Tuesday, December 11, 2012

Hyoshaku, "Kiritsubo" 1.1

Now we can move on to the actual text of the chapter -- warning, though, the first sentence is probably going to take four posts to go through because of the quantity of annotation Hagiwara provides.  He has basically four levels of annotation to the text.  The first is the marginal annotations to the text itself -- Hagiwara does a lot to try to make the main text easier for "beginners" to read.

I attached a photo of the typeset version to the right.  As you can see, Hagiwara has added punctuation (only the 。 though.  He does not use separate punctuation for the end of a sentence) and 濁点 (voicing marks).  In addition, the notes to the left of the text provide glosses.  Some of them are just kanji, but most of them are glosses in the contemporary 19th-century vernacular, which turns out to be surprisingly close to modern Japanese.  So きは is 分際, いと is ずっと, and 時めき is 出頭する.

The text under the triangles represents what Hagiwara considers to be "understood" parts of the text that are omitted.  So 御時 is 帝の御時, and you should imagine ありけん after にか.

Finally, the open circle to the right of やんことなき represents Hagiwara's emphasizing that こと should be read unvoiced (that is, not as ごとなき).  He says in his intro that he does this for words that are pronounced in the contemporary vernacular as voiced.  As far as I know, modern editions say you should voice this word, though.

(Incidentally I see that he dodged the issue of how to read 御, which is a problem as old as Genji commentary that is still unsolved today.)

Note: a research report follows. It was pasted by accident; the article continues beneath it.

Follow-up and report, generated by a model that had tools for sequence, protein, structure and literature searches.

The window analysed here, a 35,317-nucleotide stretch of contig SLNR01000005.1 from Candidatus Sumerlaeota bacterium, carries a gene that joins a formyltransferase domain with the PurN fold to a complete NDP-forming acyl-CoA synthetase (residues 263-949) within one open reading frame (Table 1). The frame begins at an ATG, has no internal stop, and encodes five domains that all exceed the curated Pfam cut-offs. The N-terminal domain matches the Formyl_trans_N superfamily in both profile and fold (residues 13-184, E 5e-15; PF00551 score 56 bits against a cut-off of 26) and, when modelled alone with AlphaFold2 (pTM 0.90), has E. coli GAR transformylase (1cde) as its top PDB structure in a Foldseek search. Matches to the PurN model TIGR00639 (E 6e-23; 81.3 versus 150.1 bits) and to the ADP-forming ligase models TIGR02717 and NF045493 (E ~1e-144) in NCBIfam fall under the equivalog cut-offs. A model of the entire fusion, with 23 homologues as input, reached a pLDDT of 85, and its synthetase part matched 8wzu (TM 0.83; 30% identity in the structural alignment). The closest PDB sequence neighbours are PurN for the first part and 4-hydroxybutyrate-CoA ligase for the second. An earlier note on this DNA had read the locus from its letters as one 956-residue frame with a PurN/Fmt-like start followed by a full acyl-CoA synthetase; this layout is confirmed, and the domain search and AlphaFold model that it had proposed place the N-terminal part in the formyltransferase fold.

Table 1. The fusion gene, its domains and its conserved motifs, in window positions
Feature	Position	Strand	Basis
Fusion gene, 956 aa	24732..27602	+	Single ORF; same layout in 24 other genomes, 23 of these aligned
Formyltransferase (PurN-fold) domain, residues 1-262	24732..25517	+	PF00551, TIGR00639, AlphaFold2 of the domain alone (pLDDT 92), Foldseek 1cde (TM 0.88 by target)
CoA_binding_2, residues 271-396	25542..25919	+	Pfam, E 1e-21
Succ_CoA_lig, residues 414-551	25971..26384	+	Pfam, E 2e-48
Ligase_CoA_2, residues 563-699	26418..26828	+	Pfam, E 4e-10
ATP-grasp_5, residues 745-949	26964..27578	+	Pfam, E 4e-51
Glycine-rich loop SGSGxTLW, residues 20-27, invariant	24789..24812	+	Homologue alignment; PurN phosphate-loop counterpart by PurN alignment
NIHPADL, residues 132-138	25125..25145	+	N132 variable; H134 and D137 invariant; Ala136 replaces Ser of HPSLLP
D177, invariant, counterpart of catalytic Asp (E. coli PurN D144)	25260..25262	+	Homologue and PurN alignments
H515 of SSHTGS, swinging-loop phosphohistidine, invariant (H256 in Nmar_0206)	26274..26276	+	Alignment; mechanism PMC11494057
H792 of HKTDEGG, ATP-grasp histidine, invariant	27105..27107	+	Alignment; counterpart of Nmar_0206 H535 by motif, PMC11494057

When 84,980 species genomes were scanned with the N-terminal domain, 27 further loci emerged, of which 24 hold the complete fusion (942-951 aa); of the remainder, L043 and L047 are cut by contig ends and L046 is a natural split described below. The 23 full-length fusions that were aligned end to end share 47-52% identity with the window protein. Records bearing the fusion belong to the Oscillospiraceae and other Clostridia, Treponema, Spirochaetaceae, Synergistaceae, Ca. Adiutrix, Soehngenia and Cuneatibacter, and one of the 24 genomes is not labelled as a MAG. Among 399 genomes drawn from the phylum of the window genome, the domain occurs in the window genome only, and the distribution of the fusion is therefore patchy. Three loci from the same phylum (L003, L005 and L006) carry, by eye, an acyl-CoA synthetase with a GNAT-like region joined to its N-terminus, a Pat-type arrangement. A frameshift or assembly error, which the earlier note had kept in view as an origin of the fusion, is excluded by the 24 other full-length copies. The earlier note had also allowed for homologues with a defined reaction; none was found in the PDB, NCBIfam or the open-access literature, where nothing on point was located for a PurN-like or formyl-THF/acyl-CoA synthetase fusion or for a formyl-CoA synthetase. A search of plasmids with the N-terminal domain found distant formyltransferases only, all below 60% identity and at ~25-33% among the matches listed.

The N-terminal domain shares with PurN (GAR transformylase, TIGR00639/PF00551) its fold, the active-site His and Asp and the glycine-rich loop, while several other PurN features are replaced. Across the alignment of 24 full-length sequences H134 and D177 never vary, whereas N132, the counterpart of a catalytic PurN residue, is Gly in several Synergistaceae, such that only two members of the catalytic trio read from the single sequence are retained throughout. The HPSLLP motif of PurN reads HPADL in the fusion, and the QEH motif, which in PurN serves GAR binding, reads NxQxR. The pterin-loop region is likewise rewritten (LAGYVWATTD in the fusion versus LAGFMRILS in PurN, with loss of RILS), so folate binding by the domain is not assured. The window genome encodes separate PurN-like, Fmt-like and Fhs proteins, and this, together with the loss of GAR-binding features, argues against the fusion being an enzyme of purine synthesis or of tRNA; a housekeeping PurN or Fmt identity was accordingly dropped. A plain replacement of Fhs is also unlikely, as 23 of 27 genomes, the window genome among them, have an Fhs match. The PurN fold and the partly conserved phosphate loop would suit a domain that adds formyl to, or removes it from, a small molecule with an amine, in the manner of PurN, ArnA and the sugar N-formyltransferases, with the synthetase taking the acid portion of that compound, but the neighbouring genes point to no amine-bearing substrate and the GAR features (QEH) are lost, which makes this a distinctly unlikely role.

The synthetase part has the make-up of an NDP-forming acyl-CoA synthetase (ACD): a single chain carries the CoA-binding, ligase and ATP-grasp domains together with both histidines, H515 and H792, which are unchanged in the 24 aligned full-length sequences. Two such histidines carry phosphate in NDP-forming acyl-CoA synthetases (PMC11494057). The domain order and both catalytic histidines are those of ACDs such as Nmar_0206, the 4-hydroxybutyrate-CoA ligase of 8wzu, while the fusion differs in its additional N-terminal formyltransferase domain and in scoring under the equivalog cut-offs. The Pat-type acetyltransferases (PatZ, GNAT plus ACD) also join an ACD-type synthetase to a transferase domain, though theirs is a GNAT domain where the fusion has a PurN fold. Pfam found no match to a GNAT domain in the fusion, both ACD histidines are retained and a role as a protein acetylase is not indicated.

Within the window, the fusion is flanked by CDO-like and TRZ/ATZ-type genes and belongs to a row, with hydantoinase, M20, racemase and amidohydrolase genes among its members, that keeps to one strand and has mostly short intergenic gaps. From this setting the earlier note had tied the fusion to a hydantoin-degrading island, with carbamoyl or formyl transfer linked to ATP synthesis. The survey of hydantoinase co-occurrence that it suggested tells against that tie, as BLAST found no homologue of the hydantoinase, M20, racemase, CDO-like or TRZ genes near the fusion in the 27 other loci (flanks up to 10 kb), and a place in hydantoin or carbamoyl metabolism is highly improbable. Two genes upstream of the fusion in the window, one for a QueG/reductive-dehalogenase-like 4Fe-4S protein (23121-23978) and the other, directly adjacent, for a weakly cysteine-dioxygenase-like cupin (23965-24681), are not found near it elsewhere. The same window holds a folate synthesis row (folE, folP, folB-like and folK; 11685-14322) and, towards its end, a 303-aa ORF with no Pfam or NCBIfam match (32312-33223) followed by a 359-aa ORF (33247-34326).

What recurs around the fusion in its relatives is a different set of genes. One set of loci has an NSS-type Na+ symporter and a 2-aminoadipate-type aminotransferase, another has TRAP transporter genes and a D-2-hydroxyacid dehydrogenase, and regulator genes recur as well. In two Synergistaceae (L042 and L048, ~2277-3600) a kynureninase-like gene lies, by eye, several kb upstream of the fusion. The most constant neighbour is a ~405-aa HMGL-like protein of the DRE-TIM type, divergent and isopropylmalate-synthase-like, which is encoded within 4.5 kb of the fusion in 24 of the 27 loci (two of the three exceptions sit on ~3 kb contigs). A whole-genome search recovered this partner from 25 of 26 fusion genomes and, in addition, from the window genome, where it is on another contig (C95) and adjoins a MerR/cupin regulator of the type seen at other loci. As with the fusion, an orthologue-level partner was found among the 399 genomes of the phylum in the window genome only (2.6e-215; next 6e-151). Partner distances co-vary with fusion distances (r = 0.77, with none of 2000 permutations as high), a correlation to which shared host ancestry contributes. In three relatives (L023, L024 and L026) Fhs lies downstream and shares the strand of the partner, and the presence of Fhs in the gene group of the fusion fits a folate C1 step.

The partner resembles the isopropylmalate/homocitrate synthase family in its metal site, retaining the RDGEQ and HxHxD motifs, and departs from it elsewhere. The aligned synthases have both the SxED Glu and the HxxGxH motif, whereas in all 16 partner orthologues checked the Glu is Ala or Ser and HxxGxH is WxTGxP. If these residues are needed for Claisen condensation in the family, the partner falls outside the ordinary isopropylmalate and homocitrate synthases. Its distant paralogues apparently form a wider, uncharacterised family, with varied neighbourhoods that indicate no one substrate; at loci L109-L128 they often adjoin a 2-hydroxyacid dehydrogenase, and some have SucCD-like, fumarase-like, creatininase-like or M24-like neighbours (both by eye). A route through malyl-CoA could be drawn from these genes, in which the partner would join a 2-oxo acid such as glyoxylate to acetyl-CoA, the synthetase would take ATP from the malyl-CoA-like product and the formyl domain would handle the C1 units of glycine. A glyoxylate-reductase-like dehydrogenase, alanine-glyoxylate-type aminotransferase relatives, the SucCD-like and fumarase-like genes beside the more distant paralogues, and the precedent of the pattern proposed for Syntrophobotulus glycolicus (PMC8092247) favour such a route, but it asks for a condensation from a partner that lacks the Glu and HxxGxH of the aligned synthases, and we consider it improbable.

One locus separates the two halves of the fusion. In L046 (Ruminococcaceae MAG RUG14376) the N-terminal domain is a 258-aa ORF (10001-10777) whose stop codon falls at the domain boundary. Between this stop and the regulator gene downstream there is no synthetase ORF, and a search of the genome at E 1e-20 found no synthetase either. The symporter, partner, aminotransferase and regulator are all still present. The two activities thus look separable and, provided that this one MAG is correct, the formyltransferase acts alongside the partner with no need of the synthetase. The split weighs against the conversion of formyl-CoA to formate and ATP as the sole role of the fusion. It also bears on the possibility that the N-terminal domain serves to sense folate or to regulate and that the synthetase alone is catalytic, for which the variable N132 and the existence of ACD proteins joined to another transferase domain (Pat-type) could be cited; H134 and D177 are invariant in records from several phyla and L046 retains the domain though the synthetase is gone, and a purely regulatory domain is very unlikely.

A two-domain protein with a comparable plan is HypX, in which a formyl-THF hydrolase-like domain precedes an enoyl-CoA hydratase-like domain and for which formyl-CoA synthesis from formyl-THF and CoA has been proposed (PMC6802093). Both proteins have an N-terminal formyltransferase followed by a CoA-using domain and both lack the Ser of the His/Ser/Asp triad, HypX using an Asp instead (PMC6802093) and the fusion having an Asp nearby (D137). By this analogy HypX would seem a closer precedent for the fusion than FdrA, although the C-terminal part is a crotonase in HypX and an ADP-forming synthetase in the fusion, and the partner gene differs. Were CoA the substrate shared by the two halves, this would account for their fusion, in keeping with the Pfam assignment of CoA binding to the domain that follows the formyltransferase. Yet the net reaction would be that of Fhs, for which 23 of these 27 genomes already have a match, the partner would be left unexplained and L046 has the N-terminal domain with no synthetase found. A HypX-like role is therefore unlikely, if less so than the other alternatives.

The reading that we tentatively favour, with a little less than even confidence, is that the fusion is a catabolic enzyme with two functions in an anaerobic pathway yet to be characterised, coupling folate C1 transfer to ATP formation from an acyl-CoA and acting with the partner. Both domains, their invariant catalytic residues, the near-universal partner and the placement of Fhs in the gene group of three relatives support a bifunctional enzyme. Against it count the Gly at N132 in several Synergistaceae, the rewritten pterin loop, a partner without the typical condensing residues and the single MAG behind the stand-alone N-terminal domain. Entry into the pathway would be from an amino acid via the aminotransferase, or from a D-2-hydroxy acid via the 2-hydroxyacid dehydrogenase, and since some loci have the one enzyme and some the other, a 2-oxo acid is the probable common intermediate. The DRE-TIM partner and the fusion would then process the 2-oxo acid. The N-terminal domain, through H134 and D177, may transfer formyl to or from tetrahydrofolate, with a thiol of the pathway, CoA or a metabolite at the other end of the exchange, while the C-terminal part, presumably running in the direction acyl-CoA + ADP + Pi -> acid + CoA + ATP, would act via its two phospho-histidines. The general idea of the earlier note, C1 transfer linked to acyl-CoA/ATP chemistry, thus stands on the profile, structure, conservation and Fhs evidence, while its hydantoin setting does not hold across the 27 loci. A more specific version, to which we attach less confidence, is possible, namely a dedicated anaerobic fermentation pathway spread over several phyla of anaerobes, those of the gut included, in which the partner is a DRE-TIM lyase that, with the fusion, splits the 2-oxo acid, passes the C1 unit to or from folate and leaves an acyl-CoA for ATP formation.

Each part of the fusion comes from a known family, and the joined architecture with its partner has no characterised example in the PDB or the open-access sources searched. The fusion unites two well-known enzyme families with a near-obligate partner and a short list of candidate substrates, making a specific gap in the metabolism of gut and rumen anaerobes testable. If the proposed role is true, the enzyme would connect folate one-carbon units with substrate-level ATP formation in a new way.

Here's my super-literal translation of this first sentence:
"In some reign, among the many Consorts and Intimates who served, there was one who was not in the very highest rank, and who thrived exceedingly."

Now above the text (sometimes spilling onto the next page), Hagiwara has a selection of the notes that he thinks are the most important and clearest to understand the text.  The first sentence has four notes.


Tama no Ogushi (1796): This story is all a constructed tale, like what is known today as "stories of old".  Because of this, it says "Long ago, in some reign, these things happened," and these words apply to the whole tale (etc.)

The "etc" at the end is because Hagiwara cuts out the last part in which Norinaga criticizes some old theories; Hagiwara tends to omit these sections of the other commentaries when he quotes them.


Rokasho (1504): "Consort" is a female office that follows the Empress.  The "Intimates" are next after the Consorts.


Shaku: According to a certain theory, in order to make Genji as good as possible, his mother should be the daughter of a Minister or other high-ranking official, but the author instead says "not of the very highest rank" to cause a feeling of pity in the readers.  Later when it says that the Emperor lavished his private affections on Genji [rather than his public support], this is the same meaning.  This theory is sound.

This is a pretty loose translation; I don't fully understand the passage.  I'm also not sure whose theory this is.


Hyou: The author does not write "...there was an Intimate who thrived," but only reveals it later when she writes “the lower Intimates.” This is excellent writing, and shows up many times later. You should pay careful attention to it.


Next up will be the 語釈, Hagiwara's extended definitions of particular words.


  1. Hi Chris